A few weeks ago, I wrote a post about change in superhero comics, the Crisis on Infinite Earths and Giffen’s Legion of Superheroes. I originally planned to post at Funnybook Babylon, but after some image insertion issues, I posted at Between Stations, my personal blog about pop culture. Go check it out. I had a lot of fun writing it and hope you enjoy reading it. Anyway, writing that post reminded me that it took me years to collect and read DC’s 12 issue Crisis on Infinite Earths series. I bought the fourth issue sometime in 1986 and didn’t complete my collection until around 1989. I missed chunks of Secret Wars, Kraven’s Last Hunt and the Judas Contract.
Other than the books that I read at the homes of my older cousin (he had long boxes) or at my best friend’s house (his mom received piles of comps from DC), I rarely read complete arcs of any serialized superhero comic. Although I was always familiar with the broad thrust of the stories, I frequently had to piece the narrative together from fragments of a story obtained over an extended period of time. Although American superhero comics were sold in more locations and read by a wider audience in the 1980’s, in some ways it feels like they are far more accessible now than they were a quarter century ago. The densely plotted and serialized superhero books may vastly outnumber the self-contained, episodic ones, but it’s worth considering that most of the barriers to accessing stories and learning about past ones fell with robust trade programs, digital comics, the expansion of libraries that lend comic trade collections and the rise of the online comics reader community. In the eighties, the stories may have been easier to follow but they were also harder to find.
Access shapes one’s reading experience. When I first started reading comics, the most convenient place to find them was a newsstand or a 7-11. Every once in a while my dad took me to Forbidden Planet, the New York institution that felt like the comic book promised land, or to the annual comics conventions that were in midtown Manhattan, but my reading selection was mostly limited to the books that the newsstand/7-11 owner happened to stock in the store that week.
I missed a lot. I missed the beginning of Frank Miller and David Mazzuchelli’s Born Again, but caught the thrilling conclusion. I read about Galactus’ destruction of the Skrull homeworld in John Byrne’s Fantastic Four, but missed the subsequent Trial of Reed Richards until I found it in a dollar bin years later.
I knew that these stories were a part of a vast narrative that spanned decades, but I experienced them as tiny self-contained pieces of culture. I focused on the smaller stories told in individual issues and treated the larger arcs as an entertaining backdrop.
I’ve written about how gaps in storytelling can give readers the opportunity to imagine and engage with the story, but these spaces are also a reminder that plot details aren’t always so important. You don’t have to know everything about Karen Page (or heroin) to appreciate her redemptive arc in Born Again. Everything you need to know about her and her story is between the pages of any individual chapter of Born Again. More importantly, you don’t need to know plot details to appreciate the craft on display, from Mazzuchelli’s brilliant storytelling to Miller’s crisp dialogue.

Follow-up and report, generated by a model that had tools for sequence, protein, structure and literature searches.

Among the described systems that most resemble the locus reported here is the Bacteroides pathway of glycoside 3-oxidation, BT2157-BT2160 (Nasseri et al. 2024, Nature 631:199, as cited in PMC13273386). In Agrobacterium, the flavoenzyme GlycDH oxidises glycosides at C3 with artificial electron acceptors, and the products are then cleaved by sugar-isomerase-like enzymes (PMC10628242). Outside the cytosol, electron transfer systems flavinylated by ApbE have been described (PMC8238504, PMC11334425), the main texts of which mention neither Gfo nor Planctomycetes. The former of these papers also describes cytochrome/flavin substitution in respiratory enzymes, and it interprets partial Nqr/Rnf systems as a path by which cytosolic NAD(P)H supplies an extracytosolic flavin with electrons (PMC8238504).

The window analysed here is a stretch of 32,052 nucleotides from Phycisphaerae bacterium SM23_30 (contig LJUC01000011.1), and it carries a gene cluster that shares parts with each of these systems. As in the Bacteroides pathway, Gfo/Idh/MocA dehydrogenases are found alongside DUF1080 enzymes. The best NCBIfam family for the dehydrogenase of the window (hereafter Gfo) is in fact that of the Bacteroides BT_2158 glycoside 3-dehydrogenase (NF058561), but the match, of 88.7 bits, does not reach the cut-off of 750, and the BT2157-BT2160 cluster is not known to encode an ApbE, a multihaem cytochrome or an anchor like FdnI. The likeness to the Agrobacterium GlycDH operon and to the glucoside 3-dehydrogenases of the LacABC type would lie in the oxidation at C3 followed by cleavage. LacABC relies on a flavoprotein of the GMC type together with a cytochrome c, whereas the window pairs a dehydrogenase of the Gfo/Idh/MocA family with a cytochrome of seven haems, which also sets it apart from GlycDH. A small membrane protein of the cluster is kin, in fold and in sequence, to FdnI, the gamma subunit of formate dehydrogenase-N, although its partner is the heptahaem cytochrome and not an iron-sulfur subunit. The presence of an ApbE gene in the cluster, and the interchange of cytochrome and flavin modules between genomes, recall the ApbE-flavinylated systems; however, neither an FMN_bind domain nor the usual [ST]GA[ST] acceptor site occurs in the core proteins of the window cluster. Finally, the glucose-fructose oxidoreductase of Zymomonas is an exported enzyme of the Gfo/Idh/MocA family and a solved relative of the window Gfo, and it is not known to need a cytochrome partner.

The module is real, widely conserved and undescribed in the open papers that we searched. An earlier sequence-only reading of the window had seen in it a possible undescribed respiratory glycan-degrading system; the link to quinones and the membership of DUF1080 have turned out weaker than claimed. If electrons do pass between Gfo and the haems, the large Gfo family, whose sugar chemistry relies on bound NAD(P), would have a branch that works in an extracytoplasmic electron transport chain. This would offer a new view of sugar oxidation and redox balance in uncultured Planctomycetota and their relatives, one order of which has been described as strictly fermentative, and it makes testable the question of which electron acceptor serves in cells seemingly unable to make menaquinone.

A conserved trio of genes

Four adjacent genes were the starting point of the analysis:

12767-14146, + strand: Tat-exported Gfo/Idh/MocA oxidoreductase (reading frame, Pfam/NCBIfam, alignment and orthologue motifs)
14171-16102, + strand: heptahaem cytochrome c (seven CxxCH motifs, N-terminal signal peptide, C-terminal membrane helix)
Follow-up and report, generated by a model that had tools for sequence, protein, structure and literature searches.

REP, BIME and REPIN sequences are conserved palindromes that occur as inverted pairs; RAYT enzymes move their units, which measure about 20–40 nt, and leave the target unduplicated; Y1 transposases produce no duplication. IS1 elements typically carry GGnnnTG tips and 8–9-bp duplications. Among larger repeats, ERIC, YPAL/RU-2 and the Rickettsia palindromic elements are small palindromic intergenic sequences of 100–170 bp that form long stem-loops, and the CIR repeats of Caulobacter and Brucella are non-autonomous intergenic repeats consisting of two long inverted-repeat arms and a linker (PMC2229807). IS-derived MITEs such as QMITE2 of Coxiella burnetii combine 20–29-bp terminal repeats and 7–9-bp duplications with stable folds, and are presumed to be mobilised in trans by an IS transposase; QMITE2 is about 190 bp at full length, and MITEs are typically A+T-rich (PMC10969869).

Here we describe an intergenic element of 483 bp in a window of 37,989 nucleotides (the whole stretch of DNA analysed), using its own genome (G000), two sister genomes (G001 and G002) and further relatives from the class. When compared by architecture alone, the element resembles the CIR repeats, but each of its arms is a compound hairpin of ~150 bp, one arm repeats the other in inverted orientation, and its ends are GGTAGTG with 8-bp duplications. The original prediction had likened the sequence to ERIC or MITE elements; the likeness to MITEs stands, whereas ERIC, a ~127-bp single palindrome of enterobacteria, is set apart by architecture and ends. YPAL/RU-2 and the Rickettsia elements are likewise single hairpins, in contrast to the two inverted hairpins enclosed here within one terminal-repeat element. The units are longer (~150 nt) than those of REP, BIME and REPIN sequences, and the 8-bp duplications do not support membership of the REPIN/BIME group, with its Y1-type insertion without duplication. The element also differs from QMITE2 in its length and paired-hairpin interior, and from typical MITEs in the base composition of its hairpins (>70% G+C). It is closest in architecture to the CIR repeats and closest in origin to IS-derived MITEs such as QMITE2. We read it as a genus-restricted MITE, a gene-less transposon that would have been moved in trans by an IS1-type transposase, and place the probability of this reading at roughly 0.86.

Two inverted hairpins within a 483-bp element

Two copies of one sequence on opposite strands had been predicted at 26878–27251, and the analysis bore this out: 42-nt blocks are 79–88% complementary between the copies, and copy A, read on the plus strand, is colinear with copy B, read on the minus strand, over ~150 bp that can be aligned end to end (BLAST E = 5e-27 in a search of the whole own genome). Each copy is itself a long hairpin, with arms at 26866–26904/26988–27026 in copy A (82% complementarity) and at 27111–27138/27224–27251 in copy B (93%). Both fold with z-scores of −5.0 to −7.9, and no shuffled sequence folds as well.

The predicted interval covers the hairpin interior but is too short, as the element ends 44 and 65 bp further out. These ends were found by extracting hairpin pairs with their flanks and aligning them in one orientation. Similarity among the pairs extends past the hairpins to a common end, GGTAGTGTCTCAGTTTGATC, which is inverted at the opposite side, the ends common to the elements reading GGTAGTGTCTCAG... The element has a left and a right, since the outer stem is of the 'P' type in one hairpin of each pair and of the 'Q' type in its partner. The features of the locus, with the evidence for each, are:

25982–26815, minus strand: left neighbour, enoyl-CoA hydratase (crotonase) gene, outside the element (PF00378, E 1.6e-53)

There were very few comic book stores in my area of Brooklyn when I was in elementary school. The closest comics store to my house was Cris’ Collectibles, a comic book/baseball card/assorted stuff shop in Mill Basin, the neighborhood that bordered my own. It was a cramped, friendly store that featured almost all of the major titles published by Marvel, DC and Dark Horse. It was also about a mile away, which felt like an impossibly long distance for an eight year old. When a comic store opened on Flatlands Avenue (four blocks away!) in 1991 and ComicMania (later Bulletproof Comics) opened near the Junction the following year, it felt like a minor miracle. I was finally able to read the books the way they were supposed to be read. I finally had context, but it didn’t improve my reading experience at all. I thought that I had what I wanted, the “complete story”, but in retrospect, I think I valued them more as individual issues in a near vacuum than as a part of a vast narrative that spans decades. Once I became more of a follower of the Marvel/DC/Image/Valiant narratives than the individual issues and stories, it was easier to drop them when the story began to feel dull and repetitive. When I returned to superhero comics in the early aughts it wasn’t for the vast narrative of any publisher, it was for the creators. I still enjoyed the larger stories and intricate plots, but my attention was mostly focused on the craft behind individual issues. I used to buy every issue of a title that I was following or a writer’s ‘run’ of issues, regardless of whether it was a pointless crossover or if the artist was replaced with a less capable fill-in artist.
As a kid, I always thought that I was missing out on something and yearned for the kind of access that I now have to stories and information about superhero comics. It took me a long time to realize that everything I needed to appreciate superhero comics was between the covers of whatever issue I happened to have in my hands.